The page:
The blame for online banking insecurity is as much down to user ignorance as banking inadequacy, the FSA (Financial Services Authority) has argued.

In its Financial Risk Outlook 2006, published this week, the authority identified several groups of banking customers that it says present the greatest security problems.

These included a hard-core five percent of users who take no security precautions whatsoever when using banking websites, and a further 21 percent who think it unlikely that criminals could access their accounts without the user knowingly having supplied the login. Overall, the FSA found that the young tend to be less security-conscious.

A surprisingly high 45 percent of customers surveyed believe that banks should take sole responsibility for online security. If the banks attempted to move all liability for online banking losses to customers, 77 percent say they would abandon internet banking completely.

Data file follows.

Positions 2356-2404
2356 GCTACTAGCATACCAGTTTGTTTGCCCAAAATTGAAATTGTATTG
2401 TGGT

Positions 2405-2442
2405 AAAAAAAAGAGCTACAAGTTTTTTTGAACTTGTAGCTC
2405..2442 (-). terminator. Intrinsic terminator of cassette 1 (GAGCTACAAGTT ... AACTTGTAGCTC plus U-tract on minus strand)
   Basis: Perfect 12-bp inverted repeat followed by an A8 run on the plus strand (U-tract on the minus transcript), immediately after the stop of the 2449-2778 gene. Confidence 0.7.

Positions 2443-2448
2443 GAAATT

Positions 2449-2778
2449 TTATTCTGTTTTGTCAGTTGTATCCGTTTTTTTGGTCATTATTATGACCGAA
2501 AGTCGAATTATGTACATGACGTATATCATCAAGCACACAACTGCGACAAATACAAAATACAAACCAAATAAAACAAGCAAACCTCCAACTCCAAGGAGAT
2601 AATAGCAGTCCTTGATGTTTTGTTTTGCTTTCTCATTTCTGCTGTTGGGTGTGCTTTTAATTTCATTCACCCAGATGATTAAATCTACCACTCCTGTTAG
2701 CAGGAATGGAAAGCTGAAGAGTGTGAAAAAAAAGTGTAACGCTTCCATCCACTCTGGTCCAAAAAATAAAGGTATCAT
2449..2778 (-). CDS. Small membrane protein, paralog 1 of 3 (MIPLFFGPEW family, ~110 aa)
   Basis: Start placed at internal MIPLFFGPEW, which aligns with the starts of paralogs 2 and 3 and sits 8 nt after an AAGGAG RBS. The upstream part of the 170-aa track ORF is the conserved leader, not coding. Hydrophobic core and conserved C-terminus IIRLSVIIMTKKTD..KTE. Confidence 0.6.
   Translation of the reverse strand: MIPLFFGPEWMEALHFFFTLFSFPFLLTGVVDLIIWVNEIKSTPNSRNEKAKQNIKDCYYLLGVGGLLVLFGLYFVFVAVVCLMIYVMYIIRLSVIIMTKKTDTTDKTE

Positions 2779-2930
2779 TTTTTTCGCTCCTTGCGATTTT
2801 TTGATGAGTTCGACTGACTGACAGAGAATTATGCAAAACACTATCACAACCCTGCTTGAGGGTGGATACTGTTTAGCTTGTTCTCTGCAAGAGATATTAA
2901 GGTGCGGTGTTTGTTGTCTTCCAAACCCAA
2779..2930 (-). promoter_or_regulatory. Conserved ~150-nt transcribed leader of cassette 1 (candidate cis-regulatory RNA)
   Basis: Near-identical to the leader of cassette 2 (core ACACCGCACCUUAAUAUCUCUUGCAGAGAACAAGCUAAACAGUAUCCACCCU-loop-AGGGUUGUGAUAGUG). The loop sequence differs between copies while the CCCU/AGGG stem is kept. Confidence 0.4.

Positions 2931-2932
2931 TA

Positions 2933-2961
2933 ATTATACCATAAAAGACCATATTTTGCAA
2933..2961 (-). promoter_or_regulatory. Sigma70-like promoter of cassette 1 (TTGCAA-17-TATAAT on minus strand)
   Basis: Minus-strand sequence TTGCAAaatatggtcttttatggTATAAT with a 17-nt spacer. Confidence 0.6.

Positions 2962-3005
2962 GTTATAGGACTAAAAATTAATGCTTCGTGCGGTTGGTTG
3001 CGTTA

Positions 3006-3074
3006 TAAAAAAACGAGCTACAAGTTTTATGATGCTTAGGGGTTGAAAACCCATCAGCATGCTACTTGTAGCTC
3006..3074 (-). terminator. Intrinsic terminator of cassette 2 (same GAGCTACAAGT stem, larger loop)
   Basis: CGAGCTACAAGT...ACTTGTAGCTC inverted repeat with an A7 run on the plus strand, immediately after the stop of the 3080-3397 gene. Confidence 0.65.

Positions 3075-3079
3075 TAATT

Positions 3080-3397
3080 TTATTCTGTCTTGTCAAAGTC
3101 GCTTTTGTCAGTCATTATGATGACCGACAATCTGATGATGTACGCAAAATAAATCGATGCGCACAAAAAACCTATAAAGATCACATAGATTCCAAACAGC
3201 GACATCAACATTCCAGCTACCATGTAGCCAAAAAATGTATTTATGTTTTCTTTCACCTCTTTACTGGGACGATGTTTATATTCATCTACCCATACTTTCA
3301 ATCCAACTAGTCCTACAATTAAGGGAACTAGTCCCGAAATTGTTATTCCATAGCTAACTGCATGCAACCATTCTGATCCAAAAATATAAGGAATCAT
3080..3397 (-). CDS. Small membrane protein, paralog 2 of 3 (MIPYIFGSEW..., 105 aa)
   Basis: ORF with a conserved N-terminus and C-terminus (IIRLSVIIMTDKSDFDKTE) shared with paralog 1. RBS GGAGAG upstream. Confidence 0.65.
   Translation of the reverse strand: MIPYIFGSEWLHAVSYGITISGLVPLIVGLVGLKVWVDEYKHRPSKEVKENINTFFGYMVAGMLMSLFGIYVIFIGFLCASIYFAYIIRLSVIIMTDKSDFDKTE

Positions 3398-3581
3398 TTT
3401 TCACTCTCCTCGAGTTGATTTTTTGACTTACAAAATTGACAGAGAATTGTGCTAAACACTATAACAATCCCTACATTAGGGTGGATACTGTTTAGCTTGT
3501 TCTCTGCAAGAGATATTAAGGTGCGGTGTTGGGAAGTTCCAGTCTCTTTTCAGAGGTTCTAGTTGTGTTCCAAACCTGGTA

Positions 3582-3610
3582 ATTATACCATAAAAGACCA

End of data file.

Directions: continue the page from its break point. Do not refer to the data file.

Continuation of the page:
"Most consumers recognise that they have some responsibility for security but they are not necessarily following this obligation through," said FSA spokesman Philip Robinson. The authority’s report makes only veiled criticism of banks themselves.

"To tackle the losses associated with fraud, banks should continue to drive security, and this must include educating consumers on the importance of protecting themselves," continued Robinson. "Banks need to look carefully at consumer attitudes and whether their initiatives are effective in maintaining confidence."

Banks have in the past been criticised for doing little more than dabbling with partial solutions to the online banking, such as the often-cited two-factor authentication.

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